Netflix preferences can tell you a lot about a person. One study has already proven a person's Netflix preferences impact how attractive they may seem to others. Depending on what kind of person someone is (Film Bro? Horror creep?) one can even discern what to watch as formulated in this Ultimate Netflix and Chill Guide. But what can a person's Netflix preferences really say about them when Netflix's algorithm (that creates recommendations informing these preferences) is flawed? Netflix's algorithm groups all black films together, regardless of genre.
In an essay for MarieClaire.com April Joyner writes about the streaming service's racial blindspot. Hardly the first to note the issue she cites Love & Basketball director Gina Prince-Bythewood who called out Netflix after noticing the recommendations paired with her film Beyond the Lights. Films and TV shows with black leads appeared in the recommendations. Another example provided by Joyner was a Paste magazine editor's experience seeing Fruitvale Station, Ryan Coogler's 2013 drama about a black man killed by police, paired with 1980s Cosby Show spinoff A Different World.
Discussing the algorithm an assistant professor at UCLA's Graduate School of Education and Information Studies who studies technology and cultural bias Safiya Noble said, "There's always human decision-making and human bias in these platforms." Whereas director, screenwriter, and producer, Stephen Winter criticized the algorithm for isolating "black works." "There's a cultural shift that has to happen, where people, basically, stop putting us in the ghetto," said Winter.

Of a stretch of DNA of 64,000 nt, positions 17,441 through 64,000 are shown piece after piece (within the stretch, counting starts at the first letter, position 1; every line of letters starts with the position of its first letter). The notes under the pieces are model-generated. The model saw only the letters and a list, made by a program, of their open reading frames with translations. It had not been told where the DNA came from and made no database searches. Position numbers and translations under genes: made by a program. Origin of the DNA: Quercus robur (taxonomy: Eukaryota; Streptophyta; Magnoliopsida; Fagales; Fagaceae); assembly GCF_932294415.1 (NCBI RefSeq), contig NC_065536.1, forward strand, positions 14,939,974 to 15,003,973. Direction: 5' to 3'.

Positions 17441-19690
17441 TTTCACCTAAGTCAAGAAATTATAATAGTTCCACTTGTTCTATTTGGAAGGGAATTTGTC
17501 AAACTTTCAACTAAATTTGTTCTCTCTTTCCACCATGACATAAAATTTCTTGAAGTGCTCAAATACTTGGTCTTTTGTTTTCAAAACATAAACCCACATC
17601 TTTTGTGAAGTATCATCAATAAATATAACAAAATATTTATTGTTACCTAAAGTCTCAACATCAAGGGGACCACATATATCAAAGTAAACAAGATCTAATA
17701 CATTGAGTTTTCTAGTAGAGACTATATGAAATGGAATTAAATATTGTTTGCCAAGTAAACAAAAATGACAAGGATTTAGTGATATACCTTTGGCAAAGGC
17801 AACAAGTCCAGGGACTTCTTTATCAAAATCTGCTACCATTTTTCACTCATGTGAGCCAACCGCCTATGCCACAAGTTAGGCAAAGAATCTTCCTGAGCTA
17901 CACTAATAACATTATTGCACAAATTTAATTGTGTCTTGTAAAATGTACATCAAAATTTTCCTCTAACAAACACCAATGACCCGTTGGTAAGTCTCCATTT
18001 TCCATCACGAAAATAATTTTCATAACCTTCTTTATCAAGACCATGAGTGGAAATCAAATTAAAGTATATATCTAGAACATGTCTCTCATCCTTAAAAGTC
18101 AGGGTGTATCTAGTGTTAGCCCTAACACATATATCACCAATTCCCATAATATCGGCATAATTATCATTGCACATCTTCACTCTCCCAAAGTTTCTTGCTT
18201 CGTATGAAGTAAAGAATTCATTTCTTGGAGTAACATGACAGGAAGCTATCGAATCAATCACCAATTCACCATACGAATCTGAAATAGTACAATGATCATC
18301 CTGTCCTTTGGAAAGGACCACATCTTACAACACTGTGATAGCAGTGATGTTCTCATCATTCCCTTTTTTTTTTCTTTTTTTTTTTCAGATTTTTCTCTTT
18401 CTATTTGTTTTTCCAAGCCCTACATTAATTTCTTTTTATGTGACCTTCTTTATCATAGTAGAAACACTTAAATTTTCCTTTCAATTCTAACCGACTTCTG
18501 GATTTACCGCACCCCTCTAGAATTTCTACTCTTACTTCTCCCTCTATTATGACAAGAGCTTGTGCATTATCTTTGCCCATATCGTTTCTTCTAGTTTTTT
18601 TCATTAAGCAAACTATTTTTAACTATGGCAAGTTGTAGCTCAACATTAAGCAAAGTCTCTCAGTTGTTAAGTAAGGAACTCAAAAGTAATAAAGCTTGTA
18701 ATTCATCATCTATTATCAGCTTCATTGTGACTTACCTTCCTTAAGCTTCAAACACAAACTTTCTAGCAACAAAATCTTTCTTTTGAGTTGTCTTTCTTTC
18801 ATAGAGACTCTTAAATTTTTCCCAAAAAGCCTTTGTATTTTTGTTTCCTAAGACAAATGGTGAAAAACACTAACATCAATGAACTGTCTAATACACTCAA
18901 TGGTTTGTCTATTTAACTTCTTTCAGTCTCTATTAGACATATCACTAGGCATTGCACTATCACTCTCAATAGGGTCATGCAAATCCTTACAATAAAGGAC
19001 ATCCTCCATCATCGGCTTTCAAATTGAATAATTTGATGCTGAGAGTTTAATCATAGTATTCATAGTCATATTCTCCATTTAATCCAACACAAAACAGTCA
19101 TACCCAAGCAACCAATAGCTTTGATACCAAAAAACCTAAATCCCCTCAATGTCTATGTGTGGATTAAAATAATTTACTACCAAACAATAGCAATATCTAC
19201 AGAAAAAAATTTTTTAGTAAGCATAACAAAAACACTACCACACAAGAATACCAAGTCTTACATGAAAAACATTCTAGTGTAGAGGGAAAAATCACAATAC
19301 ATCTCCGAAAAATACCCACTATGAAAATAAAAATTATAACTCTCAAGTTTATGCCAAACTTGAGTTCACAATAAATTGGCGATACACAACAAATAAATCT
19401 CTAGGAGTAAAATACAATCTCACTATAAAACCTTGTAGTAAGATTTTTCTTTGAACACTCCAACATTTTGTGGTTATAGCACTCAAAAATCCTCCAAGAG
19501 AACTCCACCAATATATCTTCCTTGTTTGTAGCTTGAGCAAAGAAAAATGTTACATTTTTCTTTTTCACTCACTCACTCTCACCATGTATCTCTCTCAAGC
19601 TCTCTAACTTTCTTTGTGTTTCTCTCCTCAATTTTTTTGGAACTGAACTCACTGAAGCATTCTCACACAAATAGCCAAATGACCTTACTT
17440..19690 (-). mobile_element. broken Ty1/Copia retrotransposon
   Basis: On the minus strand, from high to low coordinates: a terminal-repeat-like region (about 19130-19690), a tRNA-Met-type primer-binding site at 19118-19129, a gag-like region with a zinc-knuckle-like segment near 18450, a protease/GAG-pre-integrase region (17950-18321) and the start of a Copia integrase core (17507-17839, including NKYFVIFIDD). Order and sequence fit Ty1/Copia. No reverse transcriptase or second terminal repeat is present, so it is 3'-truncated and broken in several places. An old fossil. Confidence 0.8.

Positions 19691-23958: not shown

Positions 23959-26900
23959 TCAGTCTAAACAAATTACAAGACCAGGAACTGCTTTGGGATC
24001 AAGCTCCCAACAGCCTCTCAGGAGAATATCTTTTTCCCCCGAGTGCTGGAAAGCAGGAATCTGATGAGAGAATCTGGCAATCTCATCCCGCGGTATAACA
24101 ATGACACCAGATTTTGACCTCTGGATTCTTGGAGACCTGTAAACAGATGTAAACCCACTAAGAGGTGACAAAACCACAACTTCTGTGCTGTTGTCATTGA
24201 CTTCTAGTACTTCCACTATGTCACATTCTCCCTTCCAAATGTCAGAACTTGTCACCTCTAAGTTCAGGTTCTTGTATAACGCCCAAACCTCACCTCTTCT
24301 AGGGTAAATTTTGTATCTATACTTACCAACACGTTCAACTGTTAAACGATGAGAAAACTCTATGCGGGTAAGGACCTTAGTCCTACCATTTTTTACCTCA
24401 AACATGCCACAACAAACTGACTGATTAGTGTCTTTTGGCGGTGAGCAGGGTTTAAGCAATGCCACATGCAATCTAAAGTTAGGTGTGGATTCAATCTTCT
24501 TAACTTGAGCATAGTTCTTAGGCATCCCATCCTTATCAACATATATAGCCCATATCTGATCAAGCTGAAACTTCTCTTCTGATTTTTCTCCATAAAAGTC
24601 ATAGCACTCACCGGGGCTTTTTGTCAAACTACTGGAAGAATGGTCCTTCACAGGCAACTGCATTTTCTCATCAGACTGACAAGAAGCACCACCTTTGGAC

MarieClaire.com spoke to a former Netflix engineer, who remained anonymous. The engineer explained how the "more like this" recommendations are prompted by what other Netflix users watch. Joyner writes, "So if many people have watched both Beyond the Lights and Fruitvale Station on Netflix, those titles may end up being associated with each other, even if they're otherwise dissimilar."
"Algorithms have a finely tuned ability to recognize social patterns, and they can overgeneralize those patterns," said the former Netflix employee. Joyner wrote about refuting those generalizations: “There's also the slight shoving-it-down-your-throat feeling, which makes the recommendations tougher to stomach. Just because I'm black—and even though I am keen to support black filmmakers—doesn't mean every single movie or show I watch needs to feature black actors or be about "black stories."
The other problem tackled in Joyner's essay is the lack of black content leading to the weird recommendations previously mentioned. This of course is traced back to hollywood's diversity issues—most recently focused on in terms of race—but which also includes gender identity, sexuality, and disability. That's the bigger problem here, but until that's solved, the least Netflix can do is fix its algorithm.